An Inscription on a wall of the Ghanta Ghar reads, “This Clock Tower was erected by Seth Rijharam Bajaj and Seth Kanaya Lal Bajaj in memory of their most beloved and revered father Seth Hiranand Nandram Das Bajaj on the occasion of the Silver Jubilee of His Majesty King George V, Emperor of India, on May 6, 1935.” The tower was constructed under the supervision of NH Menesse, the administrator, and KV Joshi, the chief officer of the Shikarpur municipality.
It is a 35-foot-high monument – a square, free-standing structure topped with a cupola under which a bell used to ring. Clocks are installed on all four sides of the tower. The tower clocks remained dysfunctional for several years after the Partition but were later restored. Built of Jaipur pink stone, the clock tower features a wooden door that opens to the stairway. The carving was done by Amir Bakhsh Babalani (d. 1940), as Haseeb Nayab Mangi (2022) mentions in his book, Shikarpur: Tarikhi Ain Tahqeeqi Mutalyo. The Bablanis are still the master woodcarvers of Shikarpur.
Is it Bablani or Bablani?
Another influential Bajaj family, descended from Seth/ Diwan Jethmal, played a significant role in Shikarpur’s urban development. According to Bherumal Maharchand Advani (2003), the author of Sindh Jay Hindun Ji Tarikh Vol. II (History of Sindh’s Hindus Vol. II), Seth Jethmal served as the governor of Shikarpur during the Talpur rule from 1824 to 1843. He assumed the position after Syed Ibrahim Shah. The Bajaj family’s subsequent generations became renowned traders in Shikarpur, known for their philanthropy. The Bajajs financed schools, Nari Shalas (female shelters/ houses), and inns (musafir khanas) in Shikarpur. The Manghanmal Surtamal Bajaj Hindu Sindhi School No. 1 was constructed with a substantial donation from the Bajaj family.
An article titled Shikarpur Ja Taleemi Idara (Educational Institutions of Shikarpur) by Anwar’ Figar’ Hakro, a well-known Sindhi scholar, mentions that the Government Boys Primary School, Lakhidar, was first built by the Shikarpur municipality and Hindu Panchayat in 1887. However, the building collapsed during the 1933 rains. In response to the headmaster’s request to rebuild the school, the Shikarpur municipality and Bajaj businessmen Seth Maghanmal Surtamal Bajaj and Seth Lanida Singh Bajaj generously provided funds in 1933. The school was then named Manganmal Surtamal Bajaj Hindu Sindhi School No. I. Today, the school is known as Government Boys Primary School, Lakhidar. It is located opposite the old Budha Ashram building, which was constructed in 1936 by Chhabria Hindu merchants of Shikarpur. The Government Boys Primary School, Lakhidar, is now a double-storey building.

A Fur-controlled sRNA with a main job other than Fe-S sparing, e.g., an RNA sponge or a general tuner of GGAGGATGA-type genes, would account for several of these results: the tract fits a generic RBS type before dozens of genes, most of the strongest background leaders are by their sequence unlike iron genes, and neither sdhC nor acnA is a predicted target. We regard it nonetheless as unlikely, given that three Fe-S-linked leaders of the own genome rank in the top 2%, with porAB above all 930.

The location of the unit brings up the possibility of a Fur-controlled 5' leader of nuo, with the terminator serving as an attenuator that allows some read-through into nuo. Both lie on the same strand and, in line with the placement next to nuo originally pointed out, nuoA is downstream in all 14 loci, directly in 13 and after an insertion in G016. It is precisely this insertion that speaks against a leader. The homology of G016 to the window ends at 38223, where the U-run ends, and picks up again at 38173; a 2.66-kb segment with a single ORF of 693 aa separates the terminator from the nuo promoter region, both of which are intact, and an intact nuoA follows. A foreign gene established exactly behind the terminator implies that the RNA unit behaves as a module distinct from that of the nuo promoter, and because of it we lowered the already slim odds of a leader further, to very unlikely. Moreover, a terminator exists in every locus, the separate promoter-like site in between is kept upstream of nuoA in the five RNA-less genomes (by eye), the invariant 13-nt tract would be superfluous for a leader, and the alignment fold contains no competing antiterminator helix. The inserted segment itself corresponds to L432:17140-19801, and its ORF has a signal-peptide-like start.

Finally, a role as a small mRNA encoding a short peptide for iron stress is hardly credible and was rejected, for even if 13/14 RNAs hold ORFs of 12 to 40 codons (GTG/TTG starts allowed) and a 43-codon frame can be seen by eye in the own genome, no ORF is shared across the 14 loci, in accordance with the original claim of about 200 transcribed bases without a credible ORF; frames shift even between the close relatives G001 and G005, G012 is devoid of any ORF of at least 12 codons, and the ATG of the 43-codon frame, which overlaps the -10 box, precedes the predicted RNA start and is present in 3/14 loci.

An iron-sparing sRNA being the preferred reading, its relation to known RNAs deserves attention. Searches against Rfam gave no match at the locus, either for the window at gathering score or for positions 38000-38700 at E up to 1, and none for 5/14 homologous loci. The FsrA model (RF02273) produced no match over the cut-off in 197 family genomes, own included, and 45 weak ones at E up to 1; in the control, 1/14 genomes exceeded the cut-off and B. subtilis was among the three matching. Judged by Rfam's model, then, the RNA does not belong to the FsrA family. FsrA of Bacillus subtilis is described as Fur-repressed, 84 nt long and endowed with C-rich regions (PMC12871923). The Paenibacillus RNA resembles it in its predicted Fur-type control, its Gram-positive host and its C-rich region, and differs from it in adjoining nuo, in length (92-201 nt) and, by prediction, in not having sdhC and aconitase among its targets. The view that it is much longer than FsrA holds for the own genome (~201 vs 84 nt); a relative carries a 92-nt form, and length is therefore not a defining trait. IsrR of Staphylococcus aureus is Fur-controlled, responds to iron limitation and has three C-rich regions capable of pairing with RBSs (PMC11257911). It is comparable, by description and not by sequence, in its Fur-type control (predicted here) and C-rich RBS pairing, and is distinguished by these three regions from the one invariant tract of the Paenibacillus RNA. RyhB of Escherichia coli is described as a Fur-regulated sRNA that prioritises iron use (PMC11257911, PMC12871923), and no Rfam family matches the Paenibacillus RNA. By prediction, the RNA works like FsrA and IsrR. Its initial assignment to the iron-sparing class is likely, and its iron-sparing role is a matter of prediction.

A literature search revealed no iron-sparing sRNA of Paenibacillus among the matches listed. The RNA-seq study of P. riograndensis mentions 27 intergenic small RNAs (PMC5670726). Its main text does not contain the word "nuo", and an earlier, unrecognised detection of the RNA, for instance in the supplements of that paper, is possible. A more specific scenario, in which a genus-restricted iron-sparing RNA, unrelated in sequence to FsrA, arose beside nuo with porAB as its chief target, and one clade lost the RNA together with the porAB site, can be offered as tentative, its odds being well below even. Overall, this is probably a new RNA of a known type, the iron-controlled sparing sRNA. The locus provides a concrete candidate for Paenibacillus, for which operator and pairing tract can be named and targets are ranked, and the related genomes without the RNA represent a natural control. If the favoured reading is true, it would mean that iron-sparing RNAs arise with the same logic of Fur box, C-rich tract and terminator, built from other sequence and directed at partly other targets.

Seth Lanida Singh Bajaj was recognised as a prominent philanthropist. His benevolent actions led the locals to affectionately call him “Nangar Seth.” According to an article titled Shikarpur Jo Sakhi Mard: Seth Lanida Singh Bajaj by Haseeb Nayab Mangi, published in Sindh Affairs, Seth Lanida Singh Bajaj honoured his father’s memory by constructing Seth Satram Singh Musafir Khano on Station Road in Shikarpur. According to Bherumal Maharchand Advani Seth Satram Singh had four sons – Lanida Singh, Jesa Singh, Narain Singh and Chela Singh.
Haseeb Nayab Mang writes in an article on Seth Parshotam Singh Bajaj in Mumbai Nivas magazine, that Seth Lanida Singh Bajaj had four sons: Seth Parshotam Singh, Seth Mangho Mal, Seth Kishan Chand and Seth Parmanand.
Seth Lanida Singh Bajaj also made donations for other welfare works in Shikarpur. His haveli was located in the Kakran-Jo-Thalo locality. The haveli is extant but has lost some of its original beauty. The Seth died in 1943 in Shikarpur. Most of the Bajajs migrated to India following the Partition.
The writer is an anthropologist. He has authored 13 books on anthropology, cultural heritage and religions in Pakistan. He tweets at@kalhorozulfiqar